From a Researcher: Summer of Pikachus

Pokémon GO also introduced the beginning of a new technological era, Nintendo's stock renaissance, and new levels of poor social judgement. One thing is for sure: Pokémon GO is a big phenomenon.

If at the beginning of the summer anything was possible and Nintendo held the future in its hands, by the autumn the excitement had passed, and the new news angle to the story is that the popularity of Pokémon GO is fading and the fever is over.

A great hype is bound to decline at some point. Therefore, the news about the decrease of users is not surprising. More significant is what the abandonment of the Pikachus caught last summer will mean in a broader perspective.

Enduring Success of Pokémon

When talking about Pokémon GO and the reasons and consequences of its success, it is important to to understand that it is the latest turn of a long and carefully piloted media product and how it is linked with the previous production structure of the product family. In this context, speculations about the end of the hype can be seen in a totally new light.
 
The culmination of the original Pokémon phenomenon was around the turn of the millennium. Most of the memories Finnish people have originate from the animated Pokémon television series and the collectable cards that dominated children's school breaks.
 
Pokémon has by no means stopped being popular at any point. Even though it disappeared from the eyes of the wider public, the existing fan base was big enough to keep the product family profitable after its most successful years. The animated television series has been produced non-stop since 1998 with over 900 episodes, and different Pokémon video games have been launched almost yearly after the first games of the original series launched in 1996. Pokémon has quite successfully nurtured its own success and increased the affective capital of its audience over the years.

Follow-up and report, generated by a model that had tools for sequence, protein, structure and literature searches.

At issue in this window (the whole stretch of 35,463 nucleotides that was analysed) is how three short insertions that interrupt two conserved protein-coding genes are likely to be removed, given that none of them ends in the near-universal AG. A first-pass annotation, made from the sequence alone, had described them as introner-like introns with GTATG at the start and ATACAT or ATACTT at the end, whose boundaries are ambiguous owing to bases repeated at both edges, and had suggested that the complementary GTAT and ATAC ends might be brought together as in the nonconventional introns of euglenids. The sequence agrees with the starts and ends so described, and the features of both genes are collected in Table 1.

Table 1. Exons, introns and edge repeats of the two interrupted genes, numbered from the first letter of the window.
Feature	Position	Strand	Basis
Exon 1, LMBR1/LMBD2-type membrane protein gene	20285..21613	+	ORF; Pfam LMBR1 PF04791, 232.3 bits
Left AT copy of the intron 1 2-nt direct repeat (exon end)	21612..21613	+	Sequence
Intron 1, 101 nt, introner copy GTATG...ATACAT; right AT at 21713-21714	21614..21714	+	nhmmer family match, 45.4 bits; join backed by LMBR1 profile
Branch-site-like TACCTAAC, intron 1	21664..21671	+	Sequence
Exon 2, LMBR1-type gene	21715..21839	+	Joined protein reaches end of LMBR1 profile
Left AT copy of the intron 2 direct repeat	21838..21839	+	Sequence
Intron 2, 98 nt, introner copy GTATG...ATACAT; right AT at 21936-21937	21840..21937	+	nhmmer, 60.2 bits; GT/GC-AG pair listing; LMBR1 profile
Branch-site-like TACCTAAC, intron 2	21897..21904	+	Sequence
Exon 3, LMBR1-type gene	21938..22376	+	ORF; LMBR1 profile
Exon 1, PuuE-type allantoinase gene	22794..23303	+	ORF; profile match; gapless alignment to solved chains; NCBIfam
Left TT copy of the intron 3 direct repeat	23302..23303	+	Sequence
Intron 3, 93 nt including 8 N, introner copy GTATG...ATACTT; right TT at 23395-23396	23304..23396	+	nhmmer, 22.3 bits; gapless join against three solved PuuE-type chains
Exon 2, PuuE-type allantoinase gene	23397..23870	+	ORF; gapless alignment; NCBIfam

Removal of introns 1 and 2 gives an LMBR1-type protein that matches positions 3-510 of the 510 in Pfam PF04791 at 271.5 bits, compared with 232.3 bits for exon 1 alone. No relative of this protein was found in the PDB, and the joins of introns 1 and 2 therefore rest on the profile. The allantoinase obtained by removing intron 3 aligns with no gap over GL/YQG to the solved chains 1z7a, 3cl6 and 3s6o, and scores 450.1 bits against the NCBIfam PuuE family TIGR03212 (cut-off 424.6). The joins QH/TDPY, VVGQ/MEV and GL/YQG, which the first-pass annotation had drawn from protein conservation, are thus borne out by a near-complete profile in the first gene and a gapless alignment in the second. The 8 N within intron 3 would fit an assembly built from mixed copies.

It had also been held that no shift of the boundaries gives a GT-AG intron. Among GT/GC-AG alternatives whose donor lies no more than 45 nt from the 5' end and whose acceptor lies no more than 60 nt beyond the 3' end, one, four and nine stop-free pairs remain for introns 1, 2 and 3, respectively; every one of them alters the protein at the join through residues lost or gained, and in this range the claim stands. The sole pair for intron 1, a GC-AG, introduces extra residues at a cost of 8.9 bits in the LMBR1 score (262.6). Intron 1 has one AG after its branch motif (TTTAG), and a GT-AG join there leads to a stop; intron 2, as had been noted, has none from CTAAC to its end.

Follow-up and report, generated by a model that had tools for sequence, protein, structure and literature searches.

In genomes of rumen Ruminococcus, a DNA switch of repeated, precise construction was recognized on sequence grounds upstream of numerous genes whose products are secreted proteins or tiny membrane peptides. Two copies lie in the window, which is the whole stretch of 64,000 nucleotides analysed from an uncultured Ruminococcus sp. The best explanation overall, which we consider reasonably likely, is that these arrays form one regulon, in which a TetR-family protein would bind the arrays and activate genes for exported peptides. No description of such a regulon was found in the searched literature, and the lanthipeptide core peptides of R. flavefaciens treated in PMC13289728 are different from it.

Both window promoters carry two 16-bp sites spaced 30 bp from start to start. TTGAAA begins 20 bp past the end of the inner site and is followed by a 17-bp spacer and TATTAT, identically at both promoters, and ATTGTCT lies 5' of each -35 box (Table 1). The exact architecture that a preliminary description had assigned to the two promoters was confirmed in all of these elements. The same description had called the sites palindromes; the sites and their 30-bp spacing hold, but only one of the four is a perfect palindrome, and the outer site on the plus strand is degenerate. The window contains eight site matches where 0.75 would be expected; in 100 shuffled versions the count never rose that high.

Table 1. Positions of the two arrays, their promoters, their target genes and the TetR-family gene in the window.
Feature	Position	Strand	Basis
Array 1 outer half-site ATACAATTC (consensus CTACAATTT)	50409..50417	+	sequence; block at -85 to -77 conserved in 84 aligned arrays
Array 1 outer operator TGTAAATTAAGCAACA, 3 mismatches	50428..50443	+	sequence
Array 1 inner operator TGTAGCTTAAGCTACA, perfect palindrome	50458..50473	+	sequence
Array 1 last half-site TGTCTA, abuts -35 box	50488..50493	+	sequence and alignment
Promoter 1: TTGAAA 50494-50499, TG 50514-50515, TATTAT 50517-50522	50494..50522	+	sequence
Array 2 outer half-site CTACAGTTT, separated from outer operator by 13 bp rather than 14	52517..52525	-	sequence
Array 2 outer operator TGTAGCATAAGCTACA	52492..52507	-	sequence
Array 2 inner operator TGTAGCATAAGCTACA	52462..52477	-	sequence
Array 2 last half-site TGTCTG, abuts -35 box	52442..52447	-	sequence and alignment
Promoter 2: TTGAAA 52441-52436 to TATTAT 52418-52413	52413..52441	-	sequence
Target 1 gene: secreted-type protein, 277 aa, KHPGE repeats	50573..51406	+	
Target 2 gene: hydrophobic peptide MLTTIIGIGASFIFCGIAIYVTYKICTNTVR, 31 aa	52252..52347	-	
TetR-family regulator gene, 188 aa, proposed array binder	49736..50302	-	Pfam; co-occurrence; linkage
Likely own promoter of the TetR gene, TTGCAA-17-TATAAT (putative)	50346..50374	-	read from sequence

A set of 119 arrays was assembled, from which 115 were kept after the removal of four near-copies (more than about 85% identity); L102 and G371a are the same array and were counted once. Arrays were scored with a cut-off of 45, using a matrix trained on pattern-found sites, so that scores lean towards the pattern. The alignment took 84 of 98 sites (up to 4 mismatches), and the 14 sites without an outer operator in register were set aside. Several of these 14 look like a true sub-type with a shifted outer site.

20-year-old Entertainment Supersystem

Media researcher Marsha Kinder popularised the term "entertainment supersystem" which means the networks that are created around products of commercial culture and its actors. In these networks, intertextual products and production methods cross the boundaries of media, social classes, age groups and methods of production.
 
Pokémon is exactly about this kind of intertextual and multimedia storyworld which is so large in size and fan base that a swing in the success of its individual products does not as such mean anything in the broader commercial or cultural context. When looking at individual products, Pokémon has been nothing but rising and declining booms, one after another, for 20 years.
 
Instead of individual products, Pokémon should be considered as a platform, the aim of which is to create gateways, such as Pokémon GO, to the supersystem. In fact, it is the wider world of Pokémon that is for sale, and individual products are only means to market and consume this abstract whole.
 
In this sense, Pokémon GO is a success and its (in the context of mobile games, fairly expected) decline is subsidiary, since Pokémon GO has already achieved its actual goal: the 20-year-old Pokémon product family entered its third decade of success in a big way. Old fans returned to the old familiar world in a new way, and new fans were introduced to the world of Pokémon where there is plenty to explore for years to come.
 
Although millions of people have already abandoned their Pikachus, the broader supersystem continues to exist and, most probably, to succeed in the future.
 
Text: Doctoral Candidate Johannes Koski
Translation: Saara Yli-Kauhaluoma

 

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Published date 9/14/2016 4:50 PM ,  Modified date 9/14/2016 5:31 PM

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